I only had one day in Narita, and previous research led me to believe that my time would be best spent at the Naritasan temple complex, which is about a 15 minute walk from the Narita train station. The road between the train station and the temple complex is called Omotesando, and it is a quaint winding road perfect for tourists.
There were many shops, selling things like jewelry, kimonos, snacks, jewelry, knickknacks baskets, and incense. There were reportedly dozens of Unagi (broiled eel) restaurants, as Unagi is a specialty of the region.
Many of the restaurants advertise their foods with the display of rubbery looking examples.
I decided to eat at one of the Unagi restaurants. I went inside, looked at the menu, pointed at a picture of what I wanted, and received my food. Even though I encountered very few people who spoke more than a few words of English on my trip to Japan, we were able to communicate somehow.
The unagi, which I had not had in years since quitting gluten, was very good but my stomach felt itchy for hours afterwards, so something there didn’t agree with me. I was literally eating some foods I did not recognize at all.
Eventually, after making my way through all these distractions, I found the temple complex. Here is its entrance:
Inside the temple area I was amazed. Memorably, it was a cold day, but the toilet seats were warm. I had never encountered preheated toilet seats before, and they were very welcome.
There are about a dozen temples, and many of them are still actively being used, apparently by Zen priests or monks practicing Shingon Buddhism.
I managed to get a few photographs of inside places before I realized I wasn’t supposed to be taking photographs inside.
In the main temple, I sat down to try to meditate, figuring that seem like a good thing to do inside a Buddhist temple. After a while I noticed more and more people were coming in and one of the priests was lighting some candles. I wondered if something was about to happen, and sure enough I was in for a real treat.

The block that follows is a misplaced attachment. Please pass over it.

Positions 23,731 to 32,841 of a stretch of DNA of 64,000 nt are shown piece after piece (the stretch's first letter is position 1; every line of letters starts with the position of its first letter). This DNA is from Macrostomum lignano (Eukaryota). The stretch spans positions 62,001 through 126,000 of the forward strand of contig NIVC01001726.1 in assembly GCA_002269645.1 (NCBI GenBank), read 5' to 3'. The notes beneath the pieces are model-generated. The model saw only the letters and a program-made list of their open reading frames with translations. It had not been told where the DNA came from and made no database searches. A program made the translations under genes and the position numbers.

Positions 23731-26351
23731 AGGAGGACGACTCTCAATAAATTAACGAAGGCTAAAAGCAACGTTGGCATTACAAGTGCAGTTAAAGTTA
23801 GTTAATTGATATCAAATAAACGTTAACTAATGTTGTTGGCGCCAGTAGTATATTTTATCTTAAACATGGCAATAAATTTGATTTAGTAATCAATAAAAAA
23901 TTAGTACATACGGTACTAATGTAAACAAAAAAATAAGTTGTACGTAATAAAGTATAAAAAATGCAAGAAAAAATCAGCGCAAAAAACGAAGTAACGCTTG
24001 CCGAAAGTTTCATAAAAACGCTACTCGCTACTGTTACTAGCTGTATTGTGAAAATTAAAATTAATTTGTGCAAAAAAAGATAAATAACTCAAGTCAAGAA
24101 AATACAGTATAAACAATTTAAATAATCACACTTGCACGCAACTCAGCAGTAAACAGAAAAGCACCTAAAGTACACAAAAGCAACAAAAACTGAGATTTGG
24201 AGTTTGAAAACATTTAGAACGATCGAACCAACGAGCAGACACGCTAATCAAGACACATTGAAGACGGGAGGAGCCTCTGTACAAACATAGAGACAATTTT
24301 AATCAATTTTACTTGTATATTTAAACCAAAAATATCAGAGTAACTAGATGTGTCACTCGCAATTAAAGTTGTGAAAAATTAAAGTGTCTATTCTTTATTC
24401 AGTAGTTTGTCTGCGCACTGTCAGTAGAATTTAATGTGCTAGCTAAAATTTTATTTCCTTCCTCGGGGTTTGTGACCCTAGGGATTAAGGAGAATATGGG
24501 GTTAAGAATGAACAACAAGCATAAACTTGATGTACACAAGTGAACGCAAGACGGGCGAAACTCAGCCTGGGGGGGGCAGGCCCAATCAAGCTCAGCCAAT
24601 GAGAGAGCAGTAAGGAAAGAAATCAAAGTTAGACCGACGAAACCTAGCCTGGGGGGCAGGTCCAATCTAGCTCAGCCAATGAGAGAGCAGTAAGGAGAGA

A dozen or so priests filed in and sat in a row with their backs to us. There were now at least 100 or more people in the temple. I practically had a front row seat, if you can call sitting on the floor a seat. The priest spoke for a while and did some ritual movements that I didn’t understand. Then a very old man in fancy garb came in and he sat in some sort of seat of honor, also with his back to us. Then I saw fire appear in front of the old man, and I realized I was watching the Goma fire ritual. Priests started waving wooden planks with writing over the fire and then suddenly one of the priests was waving a bunch of handbags over the fire. Then I realized people were lining up and handing over their bags to be waved in front of the fire. I figured it was some sort of blessing. At one point during the ritual someone banged a drum that was probably at least 6 feet in diameter. It was simply thunderous. All in all a very special experience. I felt like quite the ignorant newbie.
There were opportunities throughout the temple complex to light and offer incense, purchase amulets and listen to rituals. Some people were having words written in Japanese on wooden planks, but there wasn’t any explanation in English how that worked. Almost all the signage was in Japanese. I expected there to be lots of tourists there but I was pretty much the only non-Asian, so I don’t know.
I’ve been practicing Tibetan Buddhism for years and found it fascinating to see the differences between Tibetan esoteric Buddhism and Japanese esoteric Buddhism. I saw statues of Buddhas I recognized, and there were vajras in some of the temples. But some of the things they were doing ritually seemed very unfamiliar to me, like rubbing the prayer beads against something to make sound. I felt bad in a way that I couldn’t understand more of what I was seeing. But it definitely lit the curiosity stick for me to learn more someday.